Grigoris Kapsalis – the Echo of Zagori


Grigoris Kapsalis was born in 1929 in Elafotopos Zagori, where he still resides today, as an active musician. His grandfather, father, and uncle were all folk clarinet musicians, as was his cousin Stavros. At the encouragement of his uncle, Kostas, he began clarinet lessons in Ksiromero with Vassilis Saleas. Later, returning to his homeland, he was to succeed Filippos Rountas in “Takoutsia”, the most famous folk ensemble of Zagori. He remained a member of the band until its dissolution at the end of the 80s. Grigoris Kapsalis is considered the last representative of the old generation in the musical tradition of Zagori and Yiannena (capital of Epirus) songs. Some years ago, in the paved square of his village, Elafotopos, he told us about his great musical journey, focusing on the years that shaped his musical education…

I” started playing the clarinet when I was 13 years old. During the time of the German occupation. My uncle, Kostas Kapsalis from “Karvasara”, Amfilochia, had come because we were living a little better here in the villages. My uncle played the clarinet. I used to sit and watch him and learn. I’d wiggle my fingers like him and be happy. At one time, my father says, “I have an old clarinet. I’ll fix it up and we’ll give the boy lessons.” So I started learning some musical scales. Two years later I started playing the local tunes more on my own. I practiced at the panigiria that was going on in the houses at that time. I went with another tambourine player, Vangelis Matsoulas, a year older than me. We would go into the “krevates”, those big halls of the old houses, and play.

My uncle then left for Agrinio. When the Germans left and the country was liberated, in September-October ’44, I decided to go too. I went, but how did I go? We left Ioannina on foot at noon and arrived at Agrinio at 12 o’clock at night. The town didn’t even have lights then. Some houses ran on generators. From there I started slowly. There I started working with my uncle. He was playing in a shop with George Vassilopoulos, the father of Yannis Vassilopoulos. He said to me, “You’ll come there to the club and don’t pay so much attention to me. Watch Vassilopoulos.”



After a year, we went to Amphilochia, where my uncle had a house. There we met with the late Vassilis Saleas. He was then a year or two older than me. He was tending animals at that time. But he was a good musician of the klarino. He was showing where he was going. My uncle begged him to show me the clarinet and Saleas had a little obligation to my uncle, who was also known in Kseromero. So he accepted. Indeed, I sat with him for 15 days and we had many lessons. I started to learn the music scales (maqam). Then he got up and left, but he said to my uncle, “I’ll send George Sioutas to you.” He was a very good musician from Agrinio too. He also gave me some lessons for a couple of weeks.

My father adored me because I played the klarino. So when there was a great famine and we were “catching the porridge”- that is surviving only on porridge-gruel – he would always put a little extra food for me. The others would grumble. “He’s a little older and he plays a little klarino,” my father would iterate as an  excuse, but I had a weakness too. My knees were hurting, I’d already been playing for a year when I was 15 or 16 years old. But at he same time we also had farming work here in the village. We’d go to the fields and harvest wheat and everything else.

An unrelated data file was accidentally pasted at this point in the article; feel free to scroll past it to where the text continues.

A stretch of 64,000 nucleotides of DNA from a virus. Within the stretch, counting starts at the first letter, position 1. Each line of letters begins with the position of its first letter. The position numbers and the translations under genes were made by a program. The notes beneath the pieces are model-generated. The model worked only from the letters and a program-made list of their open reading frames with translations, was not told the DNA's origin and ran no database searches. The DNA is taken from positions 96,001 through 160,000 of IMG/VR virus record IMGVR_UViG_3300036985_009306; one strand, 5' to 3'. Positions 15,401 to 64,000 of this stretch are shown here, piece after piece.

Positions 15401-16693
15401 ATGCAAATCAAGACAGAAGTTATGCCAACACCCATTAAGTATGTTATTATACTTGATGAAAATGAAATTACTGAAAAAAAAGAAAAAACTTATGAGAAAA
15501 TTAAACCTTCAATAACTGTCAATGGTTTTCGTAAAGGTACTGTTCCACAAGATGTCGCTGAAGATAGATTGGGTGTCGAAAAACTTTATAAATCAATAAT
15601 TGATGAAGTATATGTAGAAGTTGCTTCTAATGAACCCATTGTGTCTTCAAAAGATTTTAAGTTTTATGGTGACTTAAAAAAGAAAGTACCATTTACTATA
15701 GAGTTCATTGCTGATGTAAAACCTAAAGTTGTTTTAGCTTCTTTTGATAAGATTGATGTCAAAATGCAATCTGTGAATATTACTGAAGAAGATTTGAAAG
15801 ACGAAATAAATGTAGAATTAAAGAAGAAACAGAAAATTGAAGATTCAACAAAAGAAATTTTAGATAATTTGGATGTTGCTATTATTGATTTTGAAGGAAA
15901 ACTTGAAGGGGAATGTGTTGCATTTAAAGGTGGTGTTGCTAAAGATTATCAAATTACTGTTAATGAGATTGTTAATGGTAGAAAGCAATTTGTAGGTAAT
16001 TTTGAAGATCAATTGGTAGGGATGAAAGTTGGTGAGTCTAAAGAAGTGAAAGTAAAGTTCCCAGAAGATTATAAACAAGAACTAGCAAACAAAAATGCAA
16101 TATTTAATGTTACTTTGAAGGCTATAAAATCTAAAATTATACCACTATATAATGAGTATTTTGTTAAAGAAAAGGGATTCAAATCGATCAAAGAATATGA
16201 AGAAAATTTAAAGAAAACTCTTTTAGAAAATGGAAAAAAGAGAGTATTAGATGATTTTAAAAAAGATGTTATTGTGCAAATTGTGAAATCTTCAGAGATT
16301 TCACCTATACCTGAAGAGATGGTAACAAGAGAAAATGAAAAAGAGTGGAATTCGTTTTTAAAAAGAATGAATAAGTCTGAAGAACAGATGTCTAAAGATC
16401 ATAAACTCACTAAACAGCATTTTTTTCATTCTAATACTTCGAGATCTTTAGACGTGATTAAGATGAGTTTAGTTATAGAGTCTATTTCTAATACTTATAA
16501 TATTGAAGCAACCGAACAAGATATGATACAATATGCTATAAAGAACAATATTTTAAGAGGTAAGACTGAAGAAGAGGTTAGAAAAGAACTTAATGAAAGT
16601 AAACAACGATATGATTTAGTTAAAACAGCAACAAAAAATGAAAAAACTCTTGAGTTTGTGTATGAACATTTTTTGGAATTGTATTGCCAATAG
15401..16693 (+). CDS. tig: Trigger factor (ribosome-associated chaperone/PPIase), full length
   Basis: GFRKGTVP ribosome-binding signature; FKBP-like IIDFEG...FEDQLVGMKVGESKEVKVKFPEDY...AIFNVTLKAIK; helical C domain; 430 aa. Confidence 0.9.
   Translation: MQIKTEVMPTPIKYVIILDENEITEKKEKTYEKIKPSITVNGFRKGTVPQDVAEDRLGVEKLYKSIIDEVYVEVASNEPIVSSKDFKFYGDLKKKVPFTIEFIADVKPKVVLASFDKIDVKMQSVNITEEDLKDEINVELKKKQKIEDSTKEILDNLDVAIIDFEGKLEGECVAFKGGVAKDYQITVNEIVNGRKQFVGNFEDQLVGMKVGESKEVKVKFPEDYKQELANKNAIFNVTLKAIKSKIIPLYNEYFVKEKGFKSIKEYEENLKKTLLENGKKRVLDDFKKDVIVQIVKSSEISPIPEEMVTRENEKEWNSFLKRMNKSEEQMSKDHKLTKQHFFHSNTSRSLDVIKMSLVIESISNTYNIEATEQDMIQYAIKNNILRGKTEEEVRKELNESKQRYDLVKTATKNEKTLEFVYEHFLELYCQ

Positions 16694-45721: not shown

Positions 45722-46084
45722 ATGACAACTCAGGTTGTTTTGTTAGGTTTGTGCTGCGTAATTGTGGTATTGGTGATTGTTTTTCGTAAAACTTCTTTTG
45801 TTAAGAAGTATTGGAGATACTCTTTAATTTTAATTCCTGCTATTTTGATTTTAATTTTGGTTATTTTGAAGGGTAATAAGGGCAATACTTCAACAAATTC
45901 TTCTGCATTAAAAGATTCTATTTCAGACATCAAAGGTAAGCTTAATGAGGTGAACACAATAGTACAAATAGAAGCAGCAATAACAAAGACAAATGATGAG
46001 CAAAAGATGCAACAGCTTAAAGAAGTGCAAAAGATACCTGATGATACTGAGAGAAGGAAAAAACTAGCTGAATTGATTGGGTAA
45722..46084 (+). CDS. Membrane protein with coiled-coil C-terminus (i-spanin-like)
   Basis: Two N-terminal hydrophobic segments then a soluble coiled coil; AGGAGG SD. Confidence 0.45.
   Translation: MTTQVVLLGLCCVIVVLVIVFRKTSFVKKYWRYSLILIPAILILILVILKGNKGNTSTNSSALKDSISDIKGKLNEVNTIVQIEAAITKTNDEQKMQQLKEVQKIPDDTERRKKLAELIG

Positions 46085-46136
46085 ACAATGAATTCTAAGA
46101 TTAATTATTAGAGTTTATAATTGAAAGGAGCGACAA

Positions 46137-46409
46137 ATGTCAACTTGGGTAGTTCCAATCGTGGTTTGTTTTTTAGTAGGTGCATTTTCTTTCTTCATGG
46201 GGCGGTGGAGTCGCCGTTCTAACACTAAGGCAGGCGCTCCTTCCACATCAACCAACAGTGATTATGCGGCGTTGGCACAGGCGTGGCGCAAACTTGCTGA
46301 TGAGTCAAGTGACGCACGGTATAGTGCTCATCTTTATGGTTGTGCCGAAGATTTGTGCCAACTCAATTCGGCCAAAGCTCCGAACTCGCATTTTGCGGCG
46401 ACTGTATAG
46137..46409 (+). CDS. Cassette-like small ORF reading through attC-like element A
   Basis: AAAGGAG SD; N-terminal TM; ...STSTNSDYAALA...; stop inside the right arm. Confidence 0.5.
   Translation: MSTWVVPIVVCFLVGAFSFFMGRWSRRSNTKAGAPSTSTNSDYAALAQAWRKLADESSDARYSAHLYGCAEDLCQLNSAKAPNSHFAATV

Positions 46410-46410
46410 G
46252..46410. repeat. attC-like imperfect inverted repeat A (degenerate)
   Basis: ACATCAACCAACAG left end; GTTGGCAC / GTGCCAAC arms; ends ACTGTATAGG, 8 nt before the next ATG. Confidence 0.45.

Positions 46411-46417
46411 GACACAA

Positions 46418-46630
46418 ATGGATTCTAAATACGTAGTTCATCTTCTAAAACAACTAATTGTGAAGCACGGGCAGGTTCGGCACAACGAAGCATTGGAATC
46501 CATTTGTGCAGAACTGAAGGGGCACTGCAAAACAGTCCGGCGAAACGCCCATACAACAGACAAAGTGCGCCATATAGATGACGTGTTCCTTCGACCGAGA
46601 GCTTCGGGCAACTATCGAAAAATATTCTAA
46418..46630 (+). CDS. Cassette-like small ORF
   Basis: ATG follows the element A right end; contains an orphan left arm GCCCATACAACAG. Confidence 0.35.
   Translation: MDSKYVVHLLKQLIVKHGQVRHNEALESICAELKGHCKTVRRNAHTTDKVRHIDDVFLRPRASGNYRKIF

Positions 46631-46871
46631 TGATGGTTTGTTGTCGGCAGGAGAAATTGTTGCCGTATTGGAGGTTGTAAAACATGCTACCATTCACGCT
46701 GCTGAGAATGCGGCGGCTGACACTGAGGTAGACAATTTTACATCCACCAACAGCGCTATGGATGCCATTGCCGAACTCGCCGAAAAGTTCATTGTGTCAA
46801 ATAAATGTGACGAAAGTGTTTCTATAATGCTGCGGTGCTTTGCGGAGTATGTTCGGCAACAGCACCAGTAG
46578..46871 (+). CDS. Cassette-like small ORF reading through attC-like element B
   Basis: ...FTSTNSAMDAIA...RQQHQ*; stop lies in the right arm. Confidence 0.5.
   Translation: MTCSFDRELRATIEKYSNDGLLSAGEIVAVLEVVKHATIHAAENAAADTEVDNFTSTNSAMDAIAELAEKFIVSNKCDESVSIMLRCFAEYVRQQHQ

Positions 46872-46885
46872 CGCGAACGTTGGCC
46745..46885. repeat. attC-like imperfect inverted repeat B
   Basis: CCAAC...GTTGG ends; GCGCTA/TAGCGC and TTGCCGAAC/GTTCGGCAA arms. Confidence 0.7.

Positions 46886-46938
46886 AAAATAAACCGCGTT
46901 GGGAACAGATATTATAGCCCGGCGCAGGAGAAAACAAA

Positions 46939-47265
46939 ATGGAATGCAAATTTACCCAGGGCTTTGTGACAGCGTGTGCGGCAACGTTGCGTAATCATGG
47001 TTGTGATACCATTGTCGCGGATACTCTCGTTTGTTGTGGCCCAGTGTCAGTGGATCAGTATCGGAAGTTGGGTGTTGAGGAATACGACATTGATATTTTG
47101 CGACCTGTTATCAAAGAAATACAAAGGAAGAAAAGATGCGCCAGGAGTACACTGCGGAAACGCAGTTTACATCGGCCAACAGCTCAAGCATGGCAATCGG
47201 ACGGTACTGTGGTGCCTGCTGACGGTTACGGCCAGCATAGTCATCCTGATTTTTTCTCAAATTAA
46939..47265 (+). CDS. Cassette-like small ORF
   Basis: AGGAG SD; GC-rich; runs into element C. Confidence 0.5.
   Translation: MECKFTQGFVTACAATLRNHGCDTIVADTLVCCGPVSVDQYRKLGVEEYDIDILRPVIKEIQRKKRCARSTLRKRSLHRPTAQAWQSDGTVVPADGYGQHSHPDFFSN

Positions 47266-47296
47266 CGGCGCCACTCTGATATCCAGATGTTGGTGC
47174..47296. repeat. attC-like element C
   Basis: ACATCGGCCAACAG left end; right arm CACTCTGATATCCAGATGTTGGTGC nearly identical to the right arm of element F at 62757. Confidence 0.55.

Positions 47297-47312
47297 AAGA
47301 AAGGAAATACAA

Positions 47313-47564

When I was discharged from the army, I also went to work in Agrinio, but mostly I was in Zagori, in my village. Together with my father who sang well and played the tambourine. My grandfather was also very busy, and he was one of the best klarino players in the region, at his time. In fact, he gave many pieces to my father. We made a band, but to me, things seemed backward. Leaving a circuit of taxims and maqams, the challenge of (becoming acceptable in Zagori was difficult. But thanks to my father I played for 6-7 years in this band. I started to get into the Zagori climate. I liked it. I understood myself mainly later, after the ’60s when I joined Takoutsia.

I worked with Takoutsia for almost 25 years, until we stopped. The Takoutsia meant literally Takis’ children. Three brothers and a cousin. All hotheads. We’re distantly related, but I was included. That’s where I got my bearings as to how to behave during the execution. They wanted the tunes here in our part of the world in a different way, different from what I had been taught in Agrinio. The old people used to tell me back then “When we are on stage, we are the center of attention. In front of everyone’s eyes, all eyes are on us”. We were not allowed to make gestures. We had a clean handkerchief, on the pants, and t we kept the clarinet  up high when we played. When I came to the village, it’s not that I didn’t play well, but I had a different mentality. “You don’t play the clarinet,” the locals would say to me!

But when I went with the Takoutsia, what did they say to me? That’s why I give them credit for being masters, in matters of behavior. Once as we were playing,  at a wedding, the young couple was dancing in the middle of the village. Kostas with the violin says to me, “What kind of playing is that you’re doing?” Are you playing with the soles of your shoes? Pick up the clarinet and play it up here.” I was embarrassed. I didn’t know where to hold the clarinet. “And if anyone comes near, put the clarinet to their ear,” he continued. I didn’t know these attitudes, it seemed strange to me. But I learned. That was it. That’s where I proved myself. That’s how much culture those people had. “

The following text is an excerpt from an interview given by Grigoris Kapsalis to Sotiris Bekas, for the magazine “Oasis”.

Share this Article